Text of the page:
Those on the Maidan were more or less leaderless. They managed to organize not only a protest camp, but as some activists called it, “a free state,” where thousands volunteered as guards and defense forces, cooks, doctors, and lawyers. Despite the 21 February agreement between Yanukovych and opposition leaders, backed by the EU and United States, the protesters stayed put until the president was gone. Even the appearance, later, of the newly freed Tymoshenko seemed off-key in a protest dedicated to wiping away Ukraine’s encrusted, corrupt old order.


And it was not just Kyiv and western Ukraine demonstrating. On 22 February, Kharkiv, the eastern city and former Ukrainian capital that had been quiet for the previous three months, saw its own EuroMaidan protest. At the same time, statues of Vladimir Lenin were toppled in cities across Ukraine.


It turns out, of course, that this was the easy part. Statues, like corrupt presidents and the Berlin Wall, can be pulled down. The Soviet legacy – of which the current Russian propaganda about the Kyiv protesters and its takeover of Crimea is arguably a part – is harder to dismantle.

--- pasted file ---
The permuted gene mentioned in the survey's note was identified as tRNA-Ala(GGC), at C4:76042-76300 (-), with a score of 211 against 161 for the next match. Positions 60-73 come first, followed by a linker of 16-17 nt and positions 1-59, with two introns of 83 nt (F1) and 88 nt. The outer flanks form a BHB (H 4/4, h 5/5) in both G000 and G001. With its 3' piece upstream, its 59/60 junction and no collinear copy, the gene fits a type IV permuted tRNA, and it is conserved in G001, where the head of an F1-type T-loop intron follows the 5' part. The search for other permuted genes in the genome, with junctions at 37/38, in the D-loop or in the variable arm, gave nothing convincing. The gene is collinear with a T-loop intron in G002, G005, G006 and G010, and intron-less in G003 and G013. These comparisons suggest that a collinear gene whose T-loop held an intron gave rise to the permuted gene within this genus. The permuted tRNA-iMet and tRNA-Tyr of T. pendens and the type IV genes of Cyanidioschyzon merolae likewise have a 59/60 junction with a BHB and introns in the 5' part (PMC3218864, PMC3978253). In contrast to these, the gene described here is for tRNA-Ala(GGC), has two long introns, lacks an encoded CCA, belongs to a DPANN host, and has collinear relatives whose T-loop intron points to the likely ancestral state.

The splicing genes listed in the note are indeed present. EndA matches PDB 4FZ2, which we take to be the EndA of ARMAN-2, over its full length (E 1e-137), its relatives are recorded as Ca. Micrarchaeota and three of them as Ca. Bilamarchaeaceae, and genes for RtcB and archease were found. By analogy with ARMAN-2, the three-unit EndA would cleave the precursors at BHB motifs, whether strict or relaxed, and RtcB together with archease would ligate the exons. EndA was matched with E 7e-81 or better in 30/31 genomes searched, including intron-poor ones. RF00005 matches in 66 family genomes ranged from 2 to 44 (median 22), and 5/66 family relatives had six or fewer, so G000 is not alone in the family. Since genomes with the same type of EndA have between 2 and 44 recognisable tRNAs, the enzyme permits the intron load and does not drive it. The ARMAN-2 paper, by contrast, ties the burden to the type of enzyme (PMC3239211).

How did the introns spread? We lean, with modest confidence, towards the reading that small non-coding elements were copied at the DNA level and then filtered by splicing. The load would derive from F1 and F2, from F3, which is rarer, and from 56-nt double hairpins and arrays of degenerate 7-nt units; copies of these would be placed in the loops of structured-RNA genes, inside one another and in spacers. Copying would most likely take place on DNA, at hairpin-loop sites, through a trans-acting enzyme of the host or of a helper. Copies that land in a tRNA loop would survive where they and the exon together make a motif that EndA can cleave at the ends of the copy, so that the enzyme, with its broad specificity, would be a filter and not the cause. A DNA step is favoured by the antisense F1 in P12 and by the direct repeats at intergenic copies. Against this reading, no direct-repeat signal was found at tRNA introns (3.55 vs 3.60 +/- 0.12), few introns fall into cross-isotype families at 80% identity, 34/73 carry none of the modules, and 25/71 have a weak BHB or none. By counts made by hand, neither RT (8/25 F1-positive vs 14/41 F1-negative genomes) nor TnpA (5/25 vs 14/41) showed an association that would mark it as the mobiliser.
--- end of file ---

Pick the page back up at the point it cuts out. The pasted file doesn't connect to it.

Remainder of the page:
Andreas Umland, a Russia and Ukraine expert at Kyiv-Mohyla Academy, said Ukraine is not likely to benefit from the tutelage of the EU to the extent that Central and Eastern European countries did as it tries to transition to democracy. The country’s civil society, therefore, will need more time and commitment from Ukrainians to break with the existing totalitarian legacy, he said.


For Ukraine, moving from the “post-Soviet” to the “Europe” column will require an overhaul of virtually every major institution and will heavily depend on international involvement and actions.


We’re likely to see more people in the street before that work is done.

Aliona Kachkan is a former TOL editorial intern.

back  |  printBookmark and Share


Transitions magazine = Your one-stop source for news, research and analysis on the post-communist region.


Sign up for the free TOL newsletter!


Moldovan diaries

The Moldovan Diaries is a multimedia, interactive examination of the country's ethnic, religious, social and political identities by Paolo Paterlini and Cesare De Giglio.

This innovative approach to story telling gives voice to ordinary people and takes the reader on the virtual trip across Moldovan rural and urban landscapes. 

It is a unique and intimate map of the nation.


© Transitions Online 2019. All rights reserved. ISSN 1214-1615
Published by Transitions o.s., Baranova 33, 130 00 Prague 3, Czech Republic.